Background: Reducing the need for diagnostic sleep studies for obstructive sleep apnea (OSA) would reduce direct and opportunity costs while expediting time to treatment for this common and morbid disorder. We sought to determine if an established sleep apnea screening questionnaire (STOP-BANG) and wrist-worn overnight oximetry data could provide high positive predictive value for the presence of OSA. Methods: We conducted a prospective observational study of consecutive unattended sleep study patients at a single facility. Patients were referred for sleep testing after chart review by a sleep physician. We assessed area under the receiver-operating characteristic curve (ROC AUC) and positive predictive value (PPV) of STOP-BANG score and oxygen desaturation index (ODI) for a respiratory disturbance index (RDI) ≥15/h. Results: Among 234 test patients, 65 % had an RDI ≥15/h. STOP-BANG had poor ability to discriminate these patients (ROC AUC 0.62). ODI added significant diagnostic information to the STOP-BANG score, increasing the ROC AUC to 0.86. Having the ODI, the STOP-BANG score no longer contributed significant diagnostic information, and the ODI alone discriminated as well as the combination (ROC AUC 0.86). Forty nine percent had an ODI ≥7/h, which had PPV of 92 % (95 % confidence interval (CI), 86 to 96 %). In the validation sample of 1,196 consecutive patients, ODI ≥ 7/h had a PPV of 97 % (95 % CI, 95 to 97 %). Conclusions: Among patients with a high prevalence of OSA, high ODI is common and its presence has high PPV for OSA. These data suggest that overnight oximetry prior to sleep testing could significantly reduce the number of patients requiring sleep studies, thereby reducing costs and time to treatment.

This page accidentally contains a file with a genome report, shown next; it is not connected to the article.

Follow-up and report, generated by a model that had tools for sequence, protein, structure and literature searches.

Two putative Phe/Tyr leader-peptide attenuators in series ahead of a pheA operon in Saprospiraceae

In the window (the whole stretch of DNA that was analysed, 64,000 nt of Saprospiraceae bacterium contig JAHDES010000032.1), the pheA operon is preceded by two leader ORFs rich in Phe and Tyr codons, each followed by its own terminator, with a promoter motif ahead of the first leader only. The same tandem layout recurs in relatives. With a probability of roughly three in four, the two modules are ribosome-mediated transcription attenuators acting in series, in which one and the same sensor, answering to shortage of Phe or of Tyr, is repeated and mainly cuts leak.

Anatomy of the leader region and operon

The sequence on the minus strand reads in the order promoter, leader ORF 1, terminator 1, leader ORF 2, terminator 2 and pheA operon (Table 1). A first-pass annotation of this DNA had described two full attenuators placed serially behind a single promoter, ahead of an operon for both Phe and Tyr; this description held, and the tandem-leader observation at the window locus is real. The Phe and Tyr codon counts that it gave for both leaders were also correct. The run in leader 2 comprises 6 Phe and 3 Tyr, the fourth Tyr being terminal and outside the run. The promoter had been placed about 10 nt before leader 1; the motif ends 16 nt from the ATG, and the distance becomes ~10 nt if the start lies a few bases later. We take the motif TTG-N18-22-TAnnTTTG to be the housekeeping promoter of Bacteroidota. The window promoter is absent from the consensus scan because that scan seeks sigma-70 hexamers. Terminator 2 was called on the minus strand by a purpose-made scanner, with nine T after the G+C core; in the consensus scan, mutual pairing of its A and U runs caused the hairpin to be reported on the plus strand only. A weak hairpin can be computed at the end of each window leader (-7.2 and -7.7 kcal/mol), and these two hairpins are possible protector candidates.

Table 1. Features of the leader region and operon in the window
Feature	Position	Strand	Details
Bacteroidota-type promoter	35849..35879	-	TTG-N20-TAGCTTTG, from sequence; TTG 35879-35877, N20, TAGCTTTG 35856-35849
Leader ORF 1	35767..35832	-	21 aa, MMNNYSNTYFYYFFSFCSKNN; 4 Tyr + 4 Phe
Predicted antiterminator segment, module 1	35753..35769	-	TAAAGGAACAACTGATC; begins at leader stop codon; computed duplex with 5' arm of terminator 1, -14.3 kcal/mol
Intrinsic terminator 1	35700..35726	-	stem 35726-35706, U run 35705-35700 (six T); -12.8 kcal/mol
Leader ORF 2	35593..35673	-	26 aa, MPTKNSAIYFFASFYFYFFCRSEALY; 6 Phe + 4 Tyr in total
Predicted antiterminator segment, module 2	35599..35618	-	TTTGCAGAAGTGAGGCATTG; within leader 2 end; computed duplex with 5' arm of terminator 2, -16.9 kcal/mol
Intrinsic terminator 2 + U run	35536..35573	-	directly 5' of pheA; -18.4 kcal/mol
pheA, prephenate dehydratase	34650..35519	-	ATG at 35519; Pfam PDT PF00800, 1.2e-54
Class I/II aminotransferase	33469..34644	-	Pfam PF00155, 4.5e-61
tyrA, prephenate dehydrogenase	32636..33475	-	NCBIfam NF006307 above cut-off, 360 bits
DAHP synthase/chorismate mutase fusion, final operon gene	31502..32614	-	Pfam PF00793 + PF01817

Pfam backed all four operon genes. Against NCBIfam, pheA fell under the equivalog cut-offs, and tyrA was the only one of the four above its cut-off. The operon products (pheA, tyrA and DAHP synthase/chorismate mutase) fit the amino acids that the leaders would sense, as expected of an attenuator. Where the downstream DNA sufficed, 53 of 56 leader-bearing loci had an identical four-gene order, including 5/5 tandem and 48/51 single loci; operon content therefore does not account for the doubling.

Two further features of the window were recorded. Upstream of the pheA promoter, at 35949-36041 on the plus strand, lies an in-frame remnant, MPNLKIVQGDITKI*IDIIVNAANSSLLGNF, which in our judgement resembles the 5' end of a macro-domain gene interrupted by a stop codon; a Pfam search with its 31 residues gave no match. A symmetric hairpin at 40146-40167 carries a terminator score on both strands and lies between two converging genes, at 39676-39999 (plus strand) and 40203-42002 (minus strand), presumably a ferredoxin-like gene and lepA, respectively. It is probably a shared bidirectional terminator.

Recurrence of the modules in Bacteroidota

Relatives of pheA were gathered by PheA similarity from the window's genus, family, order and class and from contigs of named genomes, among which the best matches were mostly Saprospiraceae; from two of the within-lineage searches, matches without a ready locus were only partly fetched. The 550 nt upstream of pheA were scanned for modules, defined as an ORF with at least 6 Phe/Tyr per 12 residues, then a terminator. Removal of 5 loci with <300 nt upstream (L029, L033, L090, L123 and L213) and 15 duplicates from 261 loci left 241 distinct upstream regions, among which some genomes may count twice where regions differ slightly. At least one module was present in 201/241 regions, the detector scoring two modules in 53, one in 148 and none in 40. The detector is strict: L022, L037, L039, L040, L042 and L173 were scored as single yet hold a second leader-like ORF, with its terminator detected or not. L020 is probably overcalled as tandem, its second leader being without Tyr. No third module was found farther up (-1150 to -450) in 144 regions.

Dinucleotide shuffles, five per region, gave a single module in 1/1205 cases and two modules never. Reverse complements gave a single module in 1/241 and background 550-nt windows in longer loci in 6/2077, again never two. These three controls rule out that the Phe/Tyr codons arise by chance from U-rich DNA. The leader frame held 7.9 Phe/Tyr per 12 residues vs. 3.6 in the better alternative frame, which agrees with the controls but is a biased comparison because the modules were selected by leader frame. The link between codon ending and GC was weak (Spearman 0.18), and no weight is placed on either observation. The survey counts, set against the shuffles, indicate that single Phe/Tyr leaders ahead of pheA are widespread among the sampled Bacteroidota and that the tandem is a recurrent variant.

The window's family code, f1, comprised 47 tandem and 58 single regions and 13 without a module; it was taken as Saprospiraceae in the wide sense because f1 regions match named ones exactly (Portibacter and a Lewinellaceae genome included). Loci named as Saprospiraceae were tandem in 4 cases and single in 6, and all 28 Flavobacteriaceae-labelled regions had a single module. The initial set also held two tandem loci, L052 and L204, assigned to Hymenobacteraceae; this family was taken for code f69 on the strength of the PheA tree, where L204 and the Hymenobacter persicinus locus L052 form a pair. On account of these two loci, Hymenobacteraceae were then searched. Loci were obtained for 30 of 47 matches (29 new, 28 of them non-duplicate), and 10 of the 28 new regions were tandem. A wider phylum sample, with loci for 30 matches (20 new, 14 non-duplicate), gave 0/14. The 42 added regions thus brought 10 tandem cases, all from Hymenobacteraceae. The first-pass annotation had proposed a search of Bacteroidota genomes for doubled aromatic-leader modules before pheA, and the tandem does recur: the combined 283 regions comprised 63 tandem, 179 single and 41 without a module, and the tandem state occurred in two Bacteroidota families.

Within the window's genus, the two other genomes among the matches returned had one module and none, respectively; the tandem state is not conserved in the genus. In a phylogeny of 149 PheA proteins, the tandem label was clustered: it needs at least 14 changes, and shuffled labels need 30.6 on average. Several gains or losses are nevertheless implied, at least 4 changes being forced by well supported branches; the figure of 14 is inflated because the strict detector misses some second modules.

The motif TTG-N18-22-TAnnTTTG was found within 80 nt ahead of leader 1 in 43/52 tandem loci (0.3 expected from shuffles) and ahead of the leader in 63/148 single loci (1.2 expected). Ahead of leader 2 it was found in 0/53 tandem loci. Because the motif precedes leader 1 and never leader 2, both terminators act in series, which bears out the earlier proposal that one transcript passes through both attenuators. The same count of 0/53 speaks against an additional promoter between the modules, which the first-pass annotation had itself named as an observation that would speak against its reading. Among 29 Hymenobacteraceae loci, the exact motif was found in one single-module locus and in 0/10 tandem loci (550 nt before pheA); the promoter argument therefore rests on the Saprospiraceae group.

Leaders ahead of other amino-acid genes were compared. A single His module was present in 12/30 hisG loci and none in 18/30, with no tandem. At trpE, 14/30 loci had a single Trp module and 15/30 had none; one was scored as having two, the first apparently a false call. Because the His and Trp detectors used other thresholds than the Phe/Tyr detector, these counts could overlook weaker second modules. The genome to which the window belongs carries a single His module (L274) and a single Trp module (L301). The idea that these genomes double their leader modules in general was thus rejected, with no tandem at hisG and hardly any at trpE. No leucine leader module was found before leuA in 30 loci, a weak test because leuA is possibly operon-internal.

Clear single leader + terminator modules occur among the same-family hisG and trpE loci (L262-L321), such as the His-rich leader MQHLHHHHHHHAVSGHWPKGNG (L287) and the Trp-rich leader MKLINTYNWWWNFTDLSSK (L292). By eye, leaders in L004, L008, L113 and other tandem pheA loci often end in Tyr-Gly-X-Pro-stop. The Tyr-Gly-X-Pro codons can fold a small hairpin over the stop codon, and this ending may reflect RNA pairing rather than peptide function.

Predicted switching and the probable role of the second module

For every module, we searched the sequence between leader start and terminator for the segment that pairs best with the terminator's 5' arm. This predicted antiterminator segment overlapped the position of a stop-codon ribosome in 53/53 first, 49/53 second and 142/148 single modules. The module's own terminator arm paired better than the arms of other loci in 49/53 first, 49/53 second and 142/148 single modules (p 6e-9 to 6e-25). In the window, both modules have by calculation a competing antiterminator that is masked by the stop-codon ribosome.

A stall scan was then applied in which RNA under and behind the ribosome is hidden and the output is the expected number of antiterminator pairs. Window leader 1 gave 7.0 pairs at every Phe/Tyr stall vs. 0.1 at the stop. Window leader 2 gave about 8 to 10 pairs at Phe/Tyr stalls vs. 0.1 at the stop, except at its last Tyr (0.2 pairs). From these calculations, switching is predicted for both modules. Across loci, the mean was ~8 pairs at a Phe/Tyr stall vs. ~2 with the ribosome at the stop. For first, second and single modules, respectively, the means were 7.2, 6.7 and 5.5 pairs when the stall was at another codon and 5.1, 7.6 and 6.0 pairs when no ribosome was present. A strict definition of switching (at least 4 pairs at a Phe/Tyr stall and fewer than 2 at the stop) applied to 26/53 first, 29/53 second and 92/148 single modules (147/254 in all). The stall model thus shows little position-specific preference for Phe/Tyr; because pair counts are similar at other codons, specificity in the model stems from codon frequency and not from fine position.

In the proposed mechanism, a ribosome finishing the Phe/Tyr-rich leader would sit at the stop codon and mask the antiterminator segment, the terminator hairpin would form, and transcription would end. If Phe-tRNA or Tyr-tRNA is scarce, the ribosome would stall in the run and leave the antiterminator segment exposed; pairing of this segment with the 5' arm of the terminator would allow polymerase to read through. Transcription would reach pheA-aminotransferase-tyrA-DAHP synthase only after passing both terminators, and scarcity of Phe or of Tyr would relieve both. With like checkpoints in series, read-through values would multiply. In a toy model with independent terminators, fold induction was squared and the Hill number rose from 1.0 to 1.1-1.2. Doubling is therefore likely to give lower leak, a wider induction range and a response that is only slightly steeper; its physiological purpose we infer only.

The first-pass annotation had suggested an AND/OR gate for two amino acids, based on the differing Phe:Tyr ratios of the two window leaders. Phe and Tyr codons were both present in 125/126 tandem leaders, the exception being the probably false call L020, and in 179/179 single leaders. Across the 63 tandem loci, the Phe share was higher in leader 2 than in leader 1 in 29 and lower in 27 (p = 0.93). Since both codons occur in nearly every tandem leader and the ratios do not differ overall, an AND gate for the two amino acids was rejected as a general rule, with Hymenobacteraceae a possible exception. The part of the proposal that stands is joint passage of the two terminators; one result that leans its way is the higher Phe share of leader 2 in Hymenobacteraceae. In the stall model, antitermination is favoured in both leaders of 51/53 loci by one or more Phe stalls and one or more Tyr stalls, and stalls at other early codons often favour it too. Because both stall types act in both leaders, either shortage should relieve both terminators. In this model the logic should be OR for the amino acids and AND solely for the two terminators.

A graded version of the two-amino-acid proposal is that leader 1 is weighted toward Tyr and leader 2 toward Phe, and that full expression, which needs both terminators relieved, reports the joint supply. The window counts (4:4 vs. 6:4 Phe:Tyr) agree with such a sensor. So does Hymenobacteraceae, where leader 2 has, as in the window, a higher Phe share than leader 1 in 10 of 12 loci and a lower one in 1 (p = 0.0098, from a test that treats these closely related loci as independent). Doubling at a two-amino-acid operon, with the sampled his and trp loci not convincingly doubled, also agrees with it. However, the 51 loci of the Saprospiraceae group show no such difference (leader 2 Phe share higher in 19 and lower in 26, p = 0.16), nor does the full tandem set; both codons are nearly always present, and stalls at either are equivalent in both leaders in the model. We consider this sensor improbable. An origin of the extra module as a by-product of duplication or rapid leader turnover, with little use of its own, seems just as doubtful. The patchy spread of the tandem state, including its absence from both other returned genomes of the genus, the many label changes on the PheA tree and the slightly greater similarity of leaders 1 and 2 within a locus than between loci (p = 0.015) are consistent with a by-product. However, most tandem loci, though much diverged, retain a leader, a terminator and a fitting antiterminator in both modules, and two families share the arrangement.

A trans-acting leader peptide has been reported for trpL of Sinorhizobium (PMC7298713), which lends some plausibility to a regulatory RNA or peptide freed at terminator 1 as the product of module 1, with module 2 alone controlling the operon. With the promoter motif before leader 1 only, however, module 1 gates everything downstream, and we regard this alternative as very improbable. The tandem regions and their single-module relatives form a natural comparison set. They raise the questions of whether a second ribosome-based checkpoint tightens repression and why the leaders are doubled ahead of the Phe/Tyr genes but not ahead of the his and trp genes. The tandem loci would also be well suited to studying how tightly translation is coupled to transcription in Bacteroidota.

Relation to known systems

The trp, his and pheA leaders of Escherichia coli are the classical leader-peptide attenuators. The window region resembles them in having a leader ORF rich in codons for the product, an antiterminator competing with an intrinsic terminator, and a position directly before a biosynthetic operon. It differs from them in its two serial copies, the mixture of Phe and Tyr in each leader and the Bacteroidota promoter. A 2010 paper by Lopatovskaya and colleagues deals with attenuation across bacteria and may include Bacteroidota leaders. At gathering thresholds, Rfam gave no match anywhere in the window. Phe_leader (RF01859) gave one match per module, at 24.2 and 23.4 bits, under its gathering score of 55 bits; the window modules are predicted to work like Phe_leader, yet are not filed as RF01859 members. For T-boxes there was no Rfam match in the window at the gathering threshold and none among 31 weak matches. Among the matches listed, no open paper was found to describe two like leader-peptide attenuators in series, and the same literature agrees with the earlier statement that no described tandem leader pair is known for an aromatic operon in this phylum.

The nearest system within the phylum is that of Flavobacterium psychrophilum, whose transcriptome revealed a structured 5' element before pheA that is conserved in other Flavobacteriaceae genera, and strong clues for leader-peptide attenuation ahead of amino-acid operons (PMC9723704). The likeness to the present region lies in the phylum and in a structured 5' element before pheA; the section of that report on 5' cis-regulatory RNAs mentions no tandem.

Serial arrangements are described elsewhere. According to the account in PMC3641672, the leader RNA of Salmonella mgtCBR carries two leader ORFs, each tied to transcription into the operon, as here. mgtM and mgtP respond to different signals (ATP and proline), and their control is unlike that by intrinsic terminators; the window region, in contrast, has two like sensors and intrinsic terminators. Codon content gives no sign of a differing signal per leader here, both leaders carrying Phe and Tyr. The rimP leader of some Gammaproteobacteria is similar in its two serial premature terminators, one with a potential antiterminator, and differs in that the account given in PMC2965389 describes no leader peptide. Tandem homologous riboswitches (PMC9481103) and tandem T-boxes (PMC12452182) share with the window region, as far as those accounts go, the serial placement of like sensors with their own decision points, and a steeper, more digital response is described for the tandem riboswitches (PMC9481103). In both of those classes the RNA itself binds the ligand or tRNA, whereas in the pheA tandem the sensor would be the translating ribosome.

- Predictive value of tests
- Sleep apnea syndromes